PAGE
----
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Smart Grid Overview. Steve Bossart Senior Energy Analyst Foreign Service Officers Coal and Power Training Course July 19 , 2012. Topics. Case for Grid Modernization Smart Grid Vision, Technologies, & Metrics US Smart Grid Activities Some Challenges and Risks Global Smart Grid

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Smart grid overview

Smart Grid Overview

Steve Bossart

Senior Energy Analyst

Foreign Service Officers Coal and Power Training Course

July 19, 2012


Topics

Topics

  • Case for Grid Modernization

  • Smart Grid Vision, Technologies, & Metrics

  • US Smart Grid Activities

  • Some Challenges and Risks

  • Global Smart Grid

  • Questions


Case for grid modernization

Case for Grid Modernization


Today s grid status quo is not an option

Today’s grid - status quo is not an option

  • Aging

    • 70% of transmission lines are 25 years or older

    • 70% of transformers are 25 years or older

    • 60% of circuit breakers are 30 years or older

  • Outmoded

    • Designed in the 50s and installed in the 60s and 70s, before the era of the microprocessor.

  • Stressed

    • Never designed for bulk power shipments

    • Wholesale power transaction jumped 300% from 2000 to 2005. Insight Magazine, Oct 2005

    • Increase in variable renewables and distributed generation


Why modernize the grid

Why Modernize the Grid?

Today’s grid is aging and outmoded

Unreliability is costing consumers billions of dollars

Today’s grid is vulnerable to attack and natural disaster

An extended loss of today’s grid could be catastrophic to our security, economy and quality of life

Today’s grid does not address the 21st century power supply challenges

Adverse trends associated with the grid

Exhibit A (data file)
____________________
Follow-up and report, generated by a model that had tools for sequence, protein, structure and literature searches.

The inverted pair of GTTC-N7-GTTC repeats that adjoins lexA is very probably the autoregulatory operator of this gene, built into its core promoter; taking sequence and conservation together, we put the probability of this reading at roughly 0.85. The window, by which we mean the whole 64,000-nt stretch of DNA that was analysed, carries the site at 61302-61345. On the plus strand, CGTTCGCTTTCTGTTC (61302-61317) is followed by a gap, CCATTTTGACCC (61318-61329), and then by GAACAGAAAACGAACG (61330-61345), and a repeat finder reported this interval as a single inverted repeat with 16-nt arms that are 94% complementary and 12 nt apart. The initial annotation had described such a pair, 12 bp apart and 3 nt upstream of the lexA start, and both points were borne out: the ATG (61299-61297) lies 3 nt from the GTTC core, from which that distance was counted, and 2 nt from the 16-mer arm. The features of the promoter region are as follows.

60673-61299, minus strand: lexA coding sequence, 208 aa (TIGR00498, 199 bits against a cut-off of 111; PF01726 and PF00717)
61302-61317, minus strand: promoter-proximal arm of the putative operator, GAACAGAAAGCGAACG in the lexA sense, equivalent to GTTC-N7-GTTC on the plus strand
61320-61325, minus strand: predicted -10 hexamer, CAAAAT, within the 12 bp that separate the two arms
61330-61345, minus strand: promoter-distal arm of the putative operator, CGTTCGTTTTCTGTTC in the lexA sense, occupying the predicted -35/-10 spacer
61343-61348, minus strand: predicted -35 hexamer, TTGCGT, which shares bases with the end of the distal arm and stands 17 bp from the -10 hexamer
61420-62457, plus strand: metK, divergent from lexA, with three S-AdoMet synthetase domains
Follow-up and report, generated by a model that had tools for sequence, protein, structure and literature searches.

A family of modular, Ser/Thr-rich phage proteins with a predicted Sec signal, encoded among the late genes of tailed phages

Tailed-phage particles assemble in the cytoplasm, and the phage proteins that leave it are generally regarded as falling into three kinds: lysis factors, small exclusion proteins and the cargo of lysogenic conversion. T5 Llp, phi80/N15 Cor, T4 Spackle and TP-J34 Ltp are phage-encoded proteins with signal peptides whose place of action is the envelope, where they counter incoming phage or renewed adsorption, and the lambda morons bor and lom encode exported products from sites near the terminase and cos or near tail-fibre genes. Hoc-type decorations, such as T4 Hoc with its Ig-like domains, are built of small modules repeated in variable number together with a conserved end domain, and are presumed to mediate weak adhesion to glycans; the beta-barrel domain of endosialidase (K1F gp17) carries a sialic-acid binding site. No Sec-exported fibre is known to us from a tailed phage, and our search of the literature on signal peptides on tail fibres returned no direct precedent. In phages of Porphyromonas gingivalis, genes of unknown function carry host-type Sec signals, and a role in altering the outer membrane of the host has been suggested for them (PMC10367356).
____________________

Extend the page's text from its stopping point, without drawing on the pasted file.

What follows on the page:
- Costs, reliability, peak loads, asset underutilization, TLRs, grid divorce

The benefits of a modernized grid are substantial


Value proposition

Benefit of Modernization

$1294 – 2028 Billion

Overall benefit-to-cost ratio of 2.8 to 6.0

ValueProposition

Cost to Modernize

  • $338-$476B over 20 years

    • $ 82-90 B for transmission

    • $232-$339 B for distribution

    • $24-46 B for consumer

  • $17-24 B per year

EPRI, 2011

  • Previous Studies

  • Benefit to Cost Ratio for West Virginia of 5:1

  • Benefit to Cost Ratio for San Diego of 6:1

  • Benefit to Cost Ratio for EPRI (2004) 4:1-5:1

    • $165 B Cost

    • $638 - $802 B Benefits

EPRI Report: http://www.smartgridinformation.info/pdf/3272_doc_1.pdf


Smart grid vision

Smart Grid Vision


What s different with a modern grid

What’s Different with a Modern Grid


Context of smart grid modern grid

Context of Smart Grid & Modern Grid


Smart grid principal characteristics

Smart Grid Principal Characteristics

The Smart Grid will:

Enable active participation by consumers

Accommodate all generation and storage options

Enable new products, services and markets

Provide power quality for the digital economy

Optimize asset utilization and operate efficiently

Anticipate & respond to system disturbances (self-heal)

Operate resiliently against attack and natural disaster

10


Smart grid key success factors

Smart Grid Key Success Factors

The Smart Grid is MORE:

Reliable

Secure

Resilient

Economic

Efficient

Environmentally friendly

Safe


Who are the beneficiaries

Who are the Beneficiaries?

Utilities (What’s in it for my shareholders?)

  • Outage restoration

  • Billing

  • Operations and maintenance